How do basketball games start? What's a jump ball?

Dear Sports Fan,

How do basketball games start? I know there’s a jump ball to begin but I don’t really understand how it works and what it decides.


Dear Drew,

Every college and NBA basketball game begins with a jump ball. During a jump ball, two players stand on either side of a referee who then throws the ball up between them. Once the ball has reached the highest part of its arc, it is then free to be touched. Both players attempt to tip the ball to one of their teammates who are set up around the jump ball in a circle with alternating players on each team. Once the ball is tipped, it’s a free-for all. Whichever team gets the ball, gets the ball.

Basketball games in the NBA and WNBA start with a jump ball. There isn’t a jump ball at the start of each quarter, instead the initial jump ball is used to determine who gets the ball to start each of the other three quarters. The team that loses the initial jump ball gets the first possession of the second and third quarters. The team that gains possession of the jump ball to start the game also starts with the ball in the fourth quarter. I’ve never seen a study which tried to figure out whether it was actually better to win the jump ball and get the ball in the first and fourth or lose it and get it in the second and third. My guess is that it’s insignificant because of the high number of possessions overall (around 200) in each game.

The jump ball is not a unique feature of sports. It is a little bit like a face off in hockey or lacrosse, although in both those games the ball/puck is either dropped down onto the ground or begins on the ground. In all three sports, the goal is to start play with both sides having an even (or close to even. In hockey the home team gets a small advantage) chance of gaining possession of the ball. In lacrosse there are face offs at the start of the game, at halftime, and after every goal. In hockey, face offs are quite common, and are used whenever play needs to be restarted after a whistle.In basketball, jump balls are much more rare. In many games, the jump balled used to start the game, sometimes called an opening tip, will be the only jump ball during the game. In the NBA and WNBA, jump balls can happen during the game if there is a “tie-up” when two players from opposing teams seem to simultaneously have possession of the ball. When that happens, the referee stops play and those two players compete in a jump ball to see who can get the ball. This is better than allowing the game to dissolve into a wrestling match but it does sometimes result in some pretty funny looking jump balls between players of very different heights.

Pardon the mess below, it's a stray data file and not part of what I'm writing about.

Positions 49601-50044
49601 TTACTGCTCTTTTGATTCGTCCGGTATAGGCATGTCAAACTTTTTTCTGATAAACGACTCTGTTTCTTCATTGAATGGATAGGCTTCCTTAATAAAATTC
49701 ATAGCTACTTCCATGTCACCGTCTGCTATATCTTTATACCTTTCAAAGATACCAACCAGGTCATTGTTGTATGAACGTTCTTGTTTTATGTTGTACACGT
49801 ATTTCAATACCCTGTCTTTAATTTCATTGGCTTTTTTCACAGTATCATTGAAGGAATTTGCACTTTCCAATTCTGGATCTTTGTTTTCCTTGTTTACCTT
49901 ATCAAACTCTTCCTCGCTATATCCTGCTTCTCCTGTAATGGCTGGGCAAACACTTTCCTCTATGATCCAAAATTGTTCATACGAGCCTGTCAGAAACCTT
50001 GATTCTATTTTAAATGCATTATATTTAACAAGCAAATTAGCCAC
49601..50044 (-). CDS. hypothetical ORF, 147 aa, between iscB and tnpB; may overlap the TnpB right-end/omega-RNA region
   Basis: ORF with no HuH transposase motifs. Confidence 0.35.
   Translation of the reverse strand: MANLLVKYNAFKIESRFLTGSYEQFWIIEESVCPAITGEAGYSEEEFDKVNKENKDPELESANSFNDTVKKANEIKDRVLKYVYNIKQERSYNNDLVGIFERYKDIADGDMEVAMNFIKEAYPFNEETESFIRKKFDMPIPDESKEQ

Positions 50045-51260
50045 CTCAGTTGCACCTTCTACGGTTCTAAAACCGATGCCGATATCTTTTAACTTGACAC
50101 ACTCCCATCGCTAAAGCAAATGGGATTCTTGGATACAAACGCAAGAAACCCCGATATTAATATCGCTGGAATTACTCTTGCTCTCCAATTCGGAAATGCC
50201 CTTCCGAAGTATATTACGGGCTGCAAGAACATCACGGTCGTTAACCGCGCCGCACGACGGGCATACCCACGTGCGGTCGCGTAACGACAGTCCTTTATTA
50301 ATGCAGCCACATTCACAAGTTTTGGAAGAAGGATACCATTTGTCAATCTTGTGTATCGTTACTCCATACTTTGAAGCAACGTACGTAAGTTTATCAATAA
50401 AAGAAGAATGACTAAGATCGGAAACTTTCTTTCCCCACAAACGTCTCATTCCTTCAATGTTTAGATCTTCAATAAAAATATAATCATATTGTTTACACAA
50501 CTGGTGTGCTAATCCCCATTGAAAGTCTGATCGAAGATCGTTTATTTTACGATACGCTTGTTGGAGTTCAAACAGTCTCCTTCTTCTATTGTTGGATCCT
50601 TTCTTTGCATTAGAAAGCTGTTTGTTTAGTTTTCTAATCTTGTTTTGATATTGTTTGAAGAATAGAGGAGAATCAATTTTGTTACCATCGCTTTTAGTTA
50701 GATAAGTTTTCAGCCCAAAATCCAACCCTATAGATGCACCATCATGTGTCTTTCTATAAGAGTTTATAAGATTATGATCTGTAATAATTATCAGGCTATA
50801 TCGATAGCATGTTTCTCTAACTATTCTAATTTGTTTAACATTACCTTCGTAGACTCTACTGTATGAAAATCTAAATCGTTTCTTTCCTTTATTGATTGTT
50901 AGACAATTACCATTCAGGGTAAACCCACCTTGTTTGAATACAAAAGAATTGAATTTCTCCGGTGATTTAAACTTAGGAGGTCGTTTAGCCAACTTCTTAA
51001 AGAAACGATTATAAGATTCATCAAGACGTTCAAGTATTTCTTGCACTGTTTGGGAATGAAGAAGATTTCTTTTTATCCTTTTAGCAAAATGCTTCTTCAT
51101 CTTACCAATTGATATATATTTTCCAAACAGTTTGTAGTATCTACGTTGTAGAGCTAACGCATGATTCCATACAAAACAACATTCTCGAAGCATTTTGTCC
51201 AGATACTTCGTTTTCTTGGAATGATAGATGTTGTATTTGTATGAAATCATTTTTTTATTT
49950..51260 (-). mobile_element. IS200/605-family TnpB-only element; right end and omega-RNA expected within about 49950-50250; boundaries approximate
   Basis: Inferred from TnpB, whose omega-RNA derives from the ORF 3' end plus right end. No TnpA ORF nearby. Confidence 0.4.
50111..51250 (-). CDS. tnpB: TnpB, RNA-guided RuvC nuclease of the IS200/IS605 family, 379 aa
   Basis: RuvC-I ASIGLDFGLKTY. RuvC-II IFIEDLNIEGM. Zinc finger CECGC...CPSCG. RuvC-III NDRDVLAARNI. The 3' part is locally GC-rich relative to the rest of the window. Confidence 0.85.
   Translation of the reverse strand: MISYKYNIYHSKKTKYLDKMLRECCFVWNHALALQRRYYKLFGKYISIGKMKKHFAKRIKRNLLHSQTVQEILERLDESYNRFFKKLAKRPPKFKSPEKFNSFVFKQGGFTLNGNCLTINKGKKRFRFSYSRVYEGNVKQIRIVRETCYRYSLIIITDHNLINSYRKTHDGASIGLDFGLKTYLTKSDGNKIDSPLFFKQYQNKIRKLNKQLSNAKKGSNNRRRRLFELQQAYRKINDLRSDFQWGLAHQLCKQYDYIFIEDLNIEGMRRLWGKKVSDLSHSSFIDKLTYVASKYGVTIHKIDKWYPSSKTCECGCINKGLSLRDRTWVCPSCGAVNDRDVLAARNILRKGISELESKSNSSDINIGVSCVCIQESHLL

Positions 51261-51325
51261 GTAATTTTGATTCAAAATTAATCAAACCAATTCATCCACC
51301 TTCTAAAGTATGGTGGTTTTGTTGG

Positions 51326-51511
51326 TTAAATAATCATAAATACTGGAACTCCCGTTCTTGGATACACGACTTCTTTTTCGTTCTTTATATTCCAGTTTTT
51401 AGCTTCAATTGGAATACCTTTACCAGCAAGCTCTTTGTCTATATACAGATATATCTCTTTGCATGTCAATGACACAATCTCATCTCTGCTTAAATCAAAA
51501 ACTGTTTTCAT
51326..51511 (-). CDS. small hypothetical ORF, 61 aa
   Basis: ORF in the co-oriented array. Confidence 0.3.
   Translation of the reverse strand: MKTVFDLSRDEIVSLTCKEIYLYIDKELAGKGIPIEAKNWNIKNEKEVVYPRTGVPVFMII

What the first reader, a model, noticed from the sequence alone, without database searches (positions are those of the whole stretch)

The jump ball hasn’t always been rare. Before the 1930s, it was used just like a hockey face off is, to restart play after almost every stoppage. Think about how often that must have been in as high scoring a sport as basketball! This was before the shot clock had been implemented, so basketball wasn’t as high scoring as it was today, but there still must have been a lot of jump balls. Winning jump balls would have been an important skill to have because a team that was good at it could have gotten possession of the ball, scored, and then gotten possession right back again. Today, the jump ball is archaic and almost extinct. It’s not used in college basketball or international basketball except to start the game. If there is a tie-up during a game in college or internationally, one team will get the ball and then the next time it happens the other team will. This is called alternating possession. Although equally fair, there’s something more pleasing to me about the jump ball. I hope it doesn’t disappear completely.

Thanks for reading,
Ezra Fischer

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